Chancellor Jeremy Hunt’s statement was in two parts: firstly, a pre-emptive media statement in the morning, then an official statement to the House of Commons in the afternoon. This revoked many of the key measures in former Chancellor Kwasi Kwarteng’s ‘fiscal event’ of 23 September.
In this overview
- Income Tax Changes
- Corporation Tax Changes
- Off-payroll Working
- Dividend Tax
- VAT-free Shopping
- Alcohol Duty
- National Insurance Contributions
- Stamp Duty Land Tax
- Annual Investment Allowance
- Seed Enterprise Investment Scheme
The cut to 19% in the basic rate of tax (outside Scotland) from 2023/24 will not take place. Instead, basic rate will remain at 20% “indefinitely”, meaning that even Rishi Sunak’s 2024/25 scheduled timing has been dropped.
The Chancellor also confirmed that the changes to the additional rate of income tax, which his predecessor had proposed and then revoked on 3 October would still not go ahead. The additional rate of income tax would remain in place.
On 14 October the Government had announced that the originally proposed reduction to Corporation Tax in Kwasi Kwarteng’s September statement, was to be scrapped.
Corporation Tax will still increase to 25% from April 2023. The previously announced small profits rate of Corporation Tax will be maintained. This means smaller or less profitable businesses will not pay the full 25% rate, and companies with less than £50,000 of profit will not see any increase at all, continuing to pay Corporation Tax at 19%.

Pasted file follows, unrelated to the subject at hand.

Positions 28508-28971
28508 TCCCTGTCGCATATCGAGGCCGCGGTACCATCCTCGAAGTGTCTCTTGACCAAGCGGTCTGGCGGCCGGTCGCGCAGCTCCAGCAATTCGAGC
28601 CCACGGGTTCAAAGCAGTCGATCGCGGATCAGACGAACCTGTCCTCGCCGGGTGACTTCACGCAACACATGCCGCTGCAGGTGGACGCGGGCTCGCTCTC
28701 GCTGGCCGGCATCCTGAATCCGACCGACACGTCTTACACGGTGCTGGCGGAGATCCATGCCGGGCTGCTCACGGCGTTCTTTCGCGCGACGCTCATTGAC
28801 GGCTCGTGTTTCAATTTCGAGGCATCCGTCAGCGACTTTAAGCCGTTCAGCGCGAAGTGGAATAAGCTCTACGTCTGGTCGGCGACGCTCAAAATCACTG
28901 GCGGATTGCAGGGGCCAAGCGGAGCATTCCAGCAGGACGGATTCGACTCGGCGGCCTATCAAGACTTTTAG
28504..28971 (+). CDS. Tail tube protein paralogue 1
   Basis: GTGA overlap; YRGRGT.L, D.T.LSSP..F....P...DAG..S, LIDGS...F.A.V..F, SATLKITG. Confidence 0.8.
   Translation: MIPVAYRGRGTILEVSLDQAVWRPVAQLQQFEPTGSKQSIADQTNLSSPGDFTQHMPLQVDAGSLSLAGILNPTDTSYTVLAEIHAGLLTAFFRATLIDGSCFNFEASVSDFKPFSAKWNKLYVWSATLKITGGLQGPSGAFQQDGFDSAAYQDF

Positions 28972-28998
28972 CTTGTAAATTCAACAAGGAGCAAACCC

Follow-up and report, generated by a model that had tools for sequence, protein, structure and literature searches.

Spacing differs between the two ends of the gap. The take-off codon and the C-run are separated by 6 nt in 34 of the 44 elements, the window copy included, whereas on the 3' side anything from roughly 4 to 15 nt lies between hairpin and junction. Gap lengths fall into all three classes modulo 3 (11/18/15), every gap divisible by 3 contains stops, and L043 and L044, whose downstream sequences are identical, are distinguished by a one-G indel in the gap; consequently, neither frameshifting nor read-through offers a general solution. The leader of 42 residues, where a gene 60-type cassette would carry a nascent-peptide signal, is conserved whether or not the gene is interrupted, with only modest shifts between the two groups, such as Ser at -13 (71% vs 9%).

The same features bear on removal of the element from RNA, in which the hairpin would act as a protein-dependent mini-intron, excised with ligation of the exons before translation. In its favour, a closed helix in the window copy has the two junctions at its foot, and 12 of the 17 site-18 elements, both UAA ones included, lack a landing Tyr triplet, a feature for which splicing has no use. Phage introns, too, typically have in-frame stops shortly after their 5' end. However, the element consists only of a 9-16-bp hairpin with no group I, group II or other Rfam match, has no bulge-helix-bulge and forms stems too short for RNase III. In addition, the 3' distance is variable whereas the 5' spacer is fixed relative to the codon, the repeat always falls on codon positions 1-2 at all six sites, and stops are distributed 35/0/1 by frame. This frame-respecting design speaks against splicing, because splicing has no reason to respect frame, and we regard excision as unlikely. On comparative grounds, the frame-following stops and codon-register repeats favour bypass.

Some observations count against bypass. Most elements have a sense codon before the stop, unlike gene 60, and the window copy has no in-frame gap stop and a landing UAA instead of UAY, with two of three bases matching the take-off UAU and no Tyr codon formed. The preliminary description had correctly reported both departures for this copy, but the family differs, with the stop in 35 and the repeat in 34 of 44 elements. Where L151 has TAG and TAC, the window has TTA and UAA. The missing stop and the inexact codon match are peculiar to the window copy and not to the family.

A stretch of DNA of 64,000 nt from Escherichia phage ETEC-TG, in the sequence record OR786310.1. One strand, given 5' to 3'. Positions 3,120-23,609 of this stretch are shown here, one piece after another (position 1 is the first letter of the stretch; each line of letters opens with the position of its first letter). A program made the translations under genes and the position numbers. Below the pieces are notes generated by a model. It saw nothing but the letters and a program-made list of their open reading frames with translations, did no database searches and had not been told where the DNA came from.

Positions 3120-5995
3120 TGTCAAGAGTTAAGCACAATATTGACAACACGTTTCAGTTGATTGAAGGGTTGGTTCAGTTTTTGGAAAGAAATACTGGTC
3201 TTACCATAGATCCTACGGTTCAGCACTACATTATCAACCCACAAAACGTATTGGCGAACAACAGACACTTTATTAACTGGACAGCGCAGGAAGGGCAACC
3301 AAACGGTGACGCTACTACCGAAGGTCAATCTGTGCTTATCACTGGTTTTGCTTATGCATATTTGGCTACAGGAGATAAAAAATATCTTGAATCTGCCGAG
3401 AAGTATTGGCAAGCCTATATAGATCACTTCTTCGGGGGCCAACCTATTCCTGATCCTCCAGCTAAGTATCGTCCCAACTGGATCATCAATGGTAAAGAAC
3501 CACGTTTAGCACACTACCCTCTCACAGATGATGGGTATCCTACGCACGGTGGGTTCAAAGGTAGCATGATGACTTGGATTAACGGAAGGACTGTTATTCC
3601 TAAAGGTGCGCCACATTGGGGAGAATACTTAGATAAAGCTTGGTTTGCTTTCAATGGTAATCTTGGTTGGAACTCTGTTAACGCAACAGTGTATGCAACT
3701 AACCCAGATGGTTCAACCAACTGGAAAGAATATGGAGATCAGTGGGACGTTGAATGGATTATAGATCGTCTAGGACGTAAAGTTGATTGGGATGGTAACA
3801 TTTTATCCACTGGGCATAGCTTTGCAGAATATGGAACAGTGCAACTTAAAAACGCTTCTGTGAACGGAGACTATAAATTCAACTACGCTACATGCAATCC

Off-payroll working rules
The off payroll working rules in the public and private sectors (often referred to as IR35) will remain in place. This reverses their previously proposed removal for the start of the next tax year.
Dividend tax rates
There will now be no freeze on alcohol duty for one year from February 2023.
The Energy Price Guarantee (EPG), which was due to cap average domestic bills at £2,500 a year for two years from the start of October, will now be scaled back to last only until April 2023.
In the meantime, the Treasury will design “a new approach that will cost the taxpayer significantly less than planned whilst ensuring enough support for those in need”. Any support for businesses from April 2023 “will be targeted to those most affected”.
National Insurance Contributions
The reduction in national insurance contributions, which reached its third reading in the House of Lords on 17 October, will go ahead. This means the additional 1.25 percentage points previously added to all 2022/23 Class 1 and Class 4 NIC rates will be scrapped with the change due to take effect from 6 November 2022.
The 1.25% health and social care levy, due to replace the NICs increase from 2023/24, will be abandoned. There is no change to the increased 2022/23 Class 1 primary threshold and Class 4 lower profits threshold announced in the Spring Statement 2022. The rates and thresholds for the rest of the 2022/23 tax year for those affected are as follows:
The stamp duty land tax cuts that took effect on 23 September will not be reversed. This means that the 0% band threshold for stamp duty land tax (SDLT) rates for residential property remains at £250,000.
The relief for first-time buyers introduced in the September statement which raised the 0% band threshold from £300,000 to £425,000 and the maximum value of property on which they can claim the relief from £500,000 to £625,000, also remain.